You throw it away!"

The bear and the tree--Madrid's symbol

Our three "Spanish kings." (cred: Nikita)
Julien, Steph the "loser," and poor poor Adrien the "lame"

Then, we headed back to the hostel, just completely exhausted from our three-hour tour ("a threeeee hour tour"). Once back in the room, we chatted with Nicole from Australia for about 2 and a half hours while some of the girls slept the exhaustion away.

That night, we left to meet up with Emily's cousin from Ireland who works in Madrid for dinner. Our new friends Natsuki from Japan and Stephanie (number 2) from Quebec joined us.

To get to the restaurant, a very crowded metro proved way too complicated, letting our inner tourists shine brightly and awkwardly. Basically there wasn't enough room in one metro car, so Adrien and I ran to another, getting there just in time. Once we finally got to our destination, we clambered out, looking around for the others, slightly overwhelmed and extremely confused. Then we saw them. They were stuck in the metro, sandwiched and unable to get off. 

At first I wasn't sure if maybe we got off at the wrong stop, so my legs and my head were caught in a battle of "get back on the metro!" and "don't do that, are you stupid!" All I remember was Emily's face, wide-eyed and panicked, as the metro slowly crept away toward its next destination.

And then there were none.

We eventually got them back, and made our way to the Tapas restaurant where we spent a lovely evening sharing appetizer-like portions of Spain's finest delicacies (or so our waiter verily convinced me). It was such a fantastic experience. Instead of the typical "this is my food, don't look at it" restaurant mentality, it was so fun to pass the plates and share both the food and our time together.

Day 8

We decided to hit up some of the museums, to add maybe a more cultured and sophisticated experience to our otherwise savage adventures. After trekking through a veritable sea of 70 year old women,

we finally made it to the Prado.

Here's my opinion on the Prado. I'm glad it exists. I appreciate what it is. But I don't want to look at it. There are simply TOO MANY PORTRAITS. I started to get sleepy and cheerless.

Belathketh (cred: Adrien)
the Prado's only saving grace.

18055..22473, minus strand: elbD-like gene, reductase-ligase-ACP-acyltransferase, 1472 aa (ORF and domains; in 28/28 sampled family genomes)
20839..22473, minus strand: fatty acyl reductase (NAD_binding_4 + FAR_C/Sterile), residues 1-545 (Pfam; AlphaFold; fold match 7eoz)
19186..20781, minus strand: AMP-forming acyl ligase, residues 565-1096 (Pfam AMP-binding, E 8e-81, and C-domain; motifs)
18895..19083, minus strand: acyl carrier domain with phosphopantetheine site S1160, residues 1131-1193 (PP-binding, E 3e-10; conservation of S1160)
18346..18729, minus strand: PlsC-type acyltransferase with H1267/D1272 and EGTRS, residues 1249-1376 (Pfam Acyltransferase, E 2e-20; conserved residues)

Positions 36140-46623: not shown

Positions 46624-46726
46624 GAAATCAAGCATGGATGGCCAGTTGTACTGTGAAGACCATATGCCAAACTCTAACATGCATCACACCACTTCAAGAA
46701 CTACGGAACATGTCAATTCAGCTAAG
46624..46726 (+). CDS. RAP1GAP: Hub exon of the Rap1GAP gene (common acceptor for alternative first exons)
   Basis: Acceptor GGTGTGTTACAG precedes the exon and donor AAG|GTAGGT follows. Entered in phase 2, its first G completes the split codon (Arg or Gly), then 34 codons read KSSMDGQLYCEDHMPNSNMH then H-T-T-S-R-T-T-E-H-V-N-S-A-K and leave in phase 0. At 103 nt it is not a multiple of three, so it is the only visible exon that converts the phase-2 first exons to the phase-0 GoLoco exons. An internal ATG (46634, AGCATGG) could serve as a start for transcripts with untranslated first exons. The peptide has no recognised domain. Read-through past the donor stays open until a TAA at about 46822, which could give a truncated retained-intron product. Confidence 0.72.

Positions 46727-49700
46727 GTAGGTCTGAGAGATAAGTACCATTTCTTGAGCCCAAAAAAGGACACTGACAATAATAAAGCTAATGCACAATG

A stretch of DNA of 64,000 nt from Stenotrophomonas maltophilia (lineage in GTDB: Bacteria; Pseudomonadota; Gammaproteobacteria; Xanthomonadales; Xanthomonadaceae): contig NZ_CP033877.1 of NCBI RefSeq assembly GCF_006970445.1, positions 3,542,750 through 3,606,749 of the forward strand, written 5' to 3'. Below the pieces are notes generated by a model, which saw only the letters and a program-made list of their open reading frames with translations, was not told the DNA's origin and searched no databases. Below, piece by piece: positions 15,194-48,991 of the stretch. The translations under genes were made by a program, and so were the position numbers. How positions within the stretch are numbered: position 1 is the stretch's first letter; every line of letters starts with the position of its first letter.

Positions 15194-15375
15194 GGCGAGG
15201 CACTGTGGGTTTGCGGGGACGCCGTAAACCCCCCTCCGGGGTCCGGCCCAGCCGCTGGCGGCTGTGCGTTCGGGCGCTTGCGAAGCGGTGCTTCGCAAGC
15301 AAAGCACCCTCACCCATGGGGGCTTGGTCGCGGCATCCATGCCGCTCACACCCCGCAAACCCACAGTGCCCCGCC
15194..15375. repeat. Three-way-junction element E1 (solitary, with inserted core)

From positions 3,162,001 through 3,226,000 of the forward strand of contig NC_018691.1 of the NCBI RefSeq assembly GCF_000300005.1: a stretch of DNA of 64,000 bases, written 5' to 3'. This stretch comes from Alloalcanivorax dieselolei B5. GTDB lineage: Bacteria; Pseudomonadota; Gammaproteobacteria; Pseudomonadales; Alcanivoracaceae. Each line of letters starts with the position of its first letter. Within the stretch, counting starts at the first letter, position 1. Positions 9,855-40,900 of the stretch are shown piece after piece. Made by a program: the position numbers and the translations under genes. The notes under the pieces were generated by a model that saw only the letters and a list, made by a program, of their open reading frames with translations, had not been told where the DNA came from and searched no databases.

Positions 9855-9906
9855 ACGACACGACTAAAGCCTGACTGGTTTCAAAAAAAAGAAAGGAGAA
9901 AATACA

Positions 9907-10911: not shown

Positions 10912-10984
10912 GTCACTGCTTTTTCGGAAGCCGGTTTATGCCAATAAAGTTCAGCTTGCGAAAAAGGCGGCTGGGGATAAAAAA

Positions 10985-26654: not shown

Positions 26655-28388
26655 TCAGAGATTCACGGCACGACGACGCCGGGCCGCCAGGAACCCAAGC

We then went to the main park area to play "Where's Julien?" by the lake.

(cred: Emily)

Then it was off to the Reina Sofia (modern art), on the way spotting some guys from our tour and inviting them along.

This museum was a bajillion times more interesting than the Prado. And we saw GUERNICA by Picasso (@McCall, Sam, and Dejong). It was very impressive.

So basically,

Prado : Reina Sofia :: Louvre : Musée d'Orsay :: Uffizi : Bargello

Blurry. It probably didn't get switched
off manual . . . Adrien.

That night I couldn't sleep. We had a new roommate. And this roommate was raised by foghorns. It was a real-life orchestra of snoring; at one point I swear 3 people were going at it, creating an uncomfortable chordlike harmony. A snore chord.
I was forced to sleep with my arms stretched over my head to
better squish the blankets into my ears. For several reasons,
this did not help.

Then Natsuki started mumbling Japanese. And I cried little invisible tears til I fell back asleep.
Day 9

After Adrien left for his earlier flight, we spent our last day in Madrid wandering around in a groggy half-sleep, collectively prepared to just go home. So we shopped a little, and, if you know me even a little bit, you'll know that shopping is just not my thing. Never has been. I guess I'll just never understand how you can go into a store, try a bunch of things on, not buy anything, and still think you're having fun. But, I guess everybody's got a thing.

And we prevailed. A little worn and weary, but definitely ready to hit the road.

People in Madrid are slightly

However, the adventure was not over. We were running a little behind as we set out on the trek to the stop where we would catch the bus to get to the airport. So Nikita and I, not charged with lugging the communal suitcase, sped ahead a little, somewhat unknowingly. After a bit we realized Emily and Steph were no longer with us. So we waited.

Where were they?

After a few minutes, we saw them power-walking toward us with tense, huffy, exasperated looks on their faces. Apparently while they were walking, a woman had reached her hand in Emily's backpack and snatched her wallet. Thankfully, Steph saw it happen and sounded the "alarm."

Little did this woman know, Em is fierce. She immediately dropped her bags and took off after her, adrenaline pumping, blood boiling. She raced over to the woman who was fumbling with a clasp on the wallet, snatched it back with a powerful "THAT'S MINE," and walked pointedly in the other direction. You go, girl. You go.

We then spent another unseemly night in the Geneva airport. I don't like how comfortable I was walking through the terminal with no shoes and a toothbrush dangling from my mouth. Geneva airport, I need to take two steps back and reevaluate our relationship.
Day 10

After our upgrade to the homemade red chair beds, the night was slightly less sleepless than 240ish hours prior. We awoke to the sound of a rooster snoring, so we picked ourselves up and crawled to the gate, where I peeled and devoured a grapefruit I'd been carrying with me since I left Nice 10 days ago.


All in all, this trip was an amazing time with some really great friends. As a relatively first-time group traveler, the experience was so different from any of my more solitary vacations. Although it took us a million years to make any decisions, once we did, I was pretty much guaranteed a good time.

So thanks, you guys. I'm so glad I came with you.

And thank you Lisbians and Madruids. You guys are weird.

Amitiés :)